I am trying to reduce my assets before filing chapter 7 bankruptcy. The 1200 dollars is for the actual rental of the truck, not a security deposit or a deposit to hold the truck for me.
You are probably ok and likely don't need to exempt the payment. I have a question though: how long is the time between the date you made the payment and the date you need the truck? If there is a fairly short time frame you're probably ok. However, if it looks like you spent that money just as pre-bankruptcy planning, that may raise suspicion with the trustee or the US trustee. You should also ask your lawyer whether you need to disclose that payment on Question 10 of the Statement of Financial Affairs.
My guess is that you're ok, and $1200 isn't going to really call attention to itself, but you should talk to your lawyer before making the payment.See question
My home is a manufactured home and the land my home sits on was financed with my home loan. I would like to know if its possible to cram down my mortgage payment. My home is no longer worth what I initially paid 11 years ago
In short, if this is a first priority mortgage you most likely cannot cram down the loan because it is a loan secured solely by your primary residence. These mortgages cannot be modified in any chapter of the bankruptcy code. I've attached a video I made explaining this aspect of the bankruptcy laws that I hope you find interesting.See question
On April 24, 2010, I signed a lien to be treated by a chiropractor after an accident. I filed for Chapter 7 bankruptcy on May 31, 2012. The lawyer who was representing me for the accident signed the same lien on September 28, 2012. The chiropr...
When you and your lawyer signed the lien, you gave the chiropractor first rights in any recovery you may receive from your accident, whether by lawsuit or settlement. This is similar to any other lien in that the lien right is a property interest that passes through the bankruptcy unaffected (unless there is a specific action to set that lien aside, and in your case this did not appear to have happened). If or when you receive anything from that accident, the chiropractor must be paid. It is your lawyer who is really at risk for nonpayment, since the lawyer signed and therefore can be held liable if he or she disburses funds without paying the chiropractor.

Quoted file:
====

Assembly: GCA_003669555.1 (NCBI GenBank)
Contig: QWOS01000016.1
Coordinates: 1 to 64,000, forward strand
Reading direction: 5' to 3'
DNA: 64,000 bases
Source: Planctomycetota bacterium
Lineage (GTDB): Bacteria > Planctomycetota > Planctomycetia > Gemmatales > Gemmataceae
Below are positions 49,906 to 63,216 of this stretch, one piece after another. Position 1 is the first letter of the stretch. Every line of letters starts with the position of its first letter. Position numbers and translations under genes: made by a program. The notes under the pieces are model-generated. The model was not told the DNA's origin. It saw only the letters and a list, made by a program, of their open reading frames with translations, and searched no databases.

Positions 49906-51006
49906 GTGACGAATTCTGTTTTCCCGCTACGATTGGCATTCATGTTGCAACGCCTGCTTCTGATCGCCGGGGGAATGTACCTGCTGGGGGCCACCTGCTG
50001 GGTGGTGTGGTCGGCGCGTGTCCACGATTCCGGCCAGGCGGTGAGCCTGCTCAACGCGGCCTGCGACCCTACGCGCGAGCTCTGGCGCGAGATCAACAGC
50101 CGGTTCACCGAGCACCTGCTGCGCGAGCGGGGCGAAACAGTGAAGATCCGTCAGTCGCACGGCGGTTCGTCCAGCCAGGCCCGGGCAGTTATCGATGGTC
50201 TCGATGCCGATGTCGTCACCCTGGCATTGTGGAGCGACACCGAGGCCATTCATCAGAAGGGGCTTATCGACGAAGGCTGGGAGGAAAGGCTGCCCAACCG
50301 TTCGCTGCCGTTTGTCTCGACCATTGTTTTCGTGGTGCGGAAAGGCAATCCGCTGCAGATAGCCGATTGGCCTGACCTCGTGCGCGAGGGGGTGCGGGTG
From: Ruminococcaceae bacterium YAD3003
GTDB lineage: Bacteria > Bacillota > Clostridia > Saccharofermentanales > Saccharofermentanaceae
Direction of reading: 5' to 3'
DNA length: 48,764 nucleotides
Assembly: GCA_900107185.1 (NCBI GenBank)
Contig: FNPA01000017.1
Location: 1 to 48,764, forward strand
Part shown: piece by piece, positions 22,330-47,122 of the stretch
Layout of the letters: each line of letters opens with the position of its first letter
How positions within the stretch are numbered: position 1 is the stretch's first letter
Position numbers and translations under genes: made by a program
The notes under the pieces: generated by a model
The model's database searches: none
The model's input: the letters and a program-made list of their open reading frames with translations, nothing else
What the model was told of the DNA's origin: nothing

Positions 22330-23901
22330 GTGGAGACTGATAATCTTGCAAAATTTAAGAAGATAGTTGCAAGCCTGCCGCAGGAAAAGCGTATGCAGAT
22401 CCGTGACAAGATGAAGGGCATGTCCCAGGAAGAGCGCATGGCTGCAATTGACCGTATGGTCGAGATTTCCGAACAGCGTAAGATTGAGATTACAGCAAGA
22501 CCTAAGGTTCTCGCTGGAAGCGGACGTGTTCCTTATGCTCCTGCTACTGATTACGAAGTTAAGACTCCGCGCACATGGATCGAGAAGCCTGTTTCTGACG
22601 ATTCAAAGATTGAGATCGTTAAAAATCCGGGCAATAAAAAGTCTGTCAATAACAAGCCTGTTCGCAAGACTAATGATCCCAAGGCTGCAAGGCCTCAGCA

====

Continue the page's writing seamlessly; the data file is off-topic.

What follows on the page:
There is a interesting question whether the fact that the lawyer signed after you filed bankruptcy was a violation of the automatic stay. Without knowing more facts or the laws of your state I cannot say one way or the other.
The good news is that even though your accident recovery may still be subject to the chiropractor's lien, you are not personally responsible because you have presumably received a discharge. The chiropractor may not seize your future earnings or property acquired after the bankruptcy.
I'm attaching a link to a video I created that discusses what happens to your property after you file bankruptcy. I hope you find it helpful.See question
We are in foreclosure with our condo. It is under water. I also owe back condo fees of over $15,000. I signed an agreement with the condo association to pay $263/month for the back fees plus the regular condo fee . The agreement says if I defaul...
Trying to read between the lines of your question, it appears you want to stay in the condo as long as possible without paying. To accomplish this, you should wait until just before the foreclosure sale to file your Chapter 7 case. This will stop the sale and the foreclosing creditor will need to obtain relief from the bankruptcy stay in order to resume the foreclosure. Once you file bankruptcy, all the past-due HOA charges will be subject to the bankruptcy discharge. Afterwards, however, you will need to pay them until the property is no longer in your name. It is likely that the foreclosing lender will be able to foreclose on you sooner than the HOA will; also, the HOA may not be motivated to foreclose because its lien is junior to the lien of the lender, and the condo is underwater.See question
If my attorney told me how to hide assets can he get in trouble. Is there anyway to prove this or would it be my word against theirs? If proven, what is the consequence to attorney? All of my property is now owned by me and my father jointly does...
Without assuming that your lawyer will or will not act ethically (or intelligently) I'm not sure what you mean by "hide" assets. There are a great many legitimate planning methods that may appear wrong to a lay person. More facts are needed. Of course, if the attorney acts unethically they could lose their license or receive other discipline and could be held liable for damages as a co-conspirator.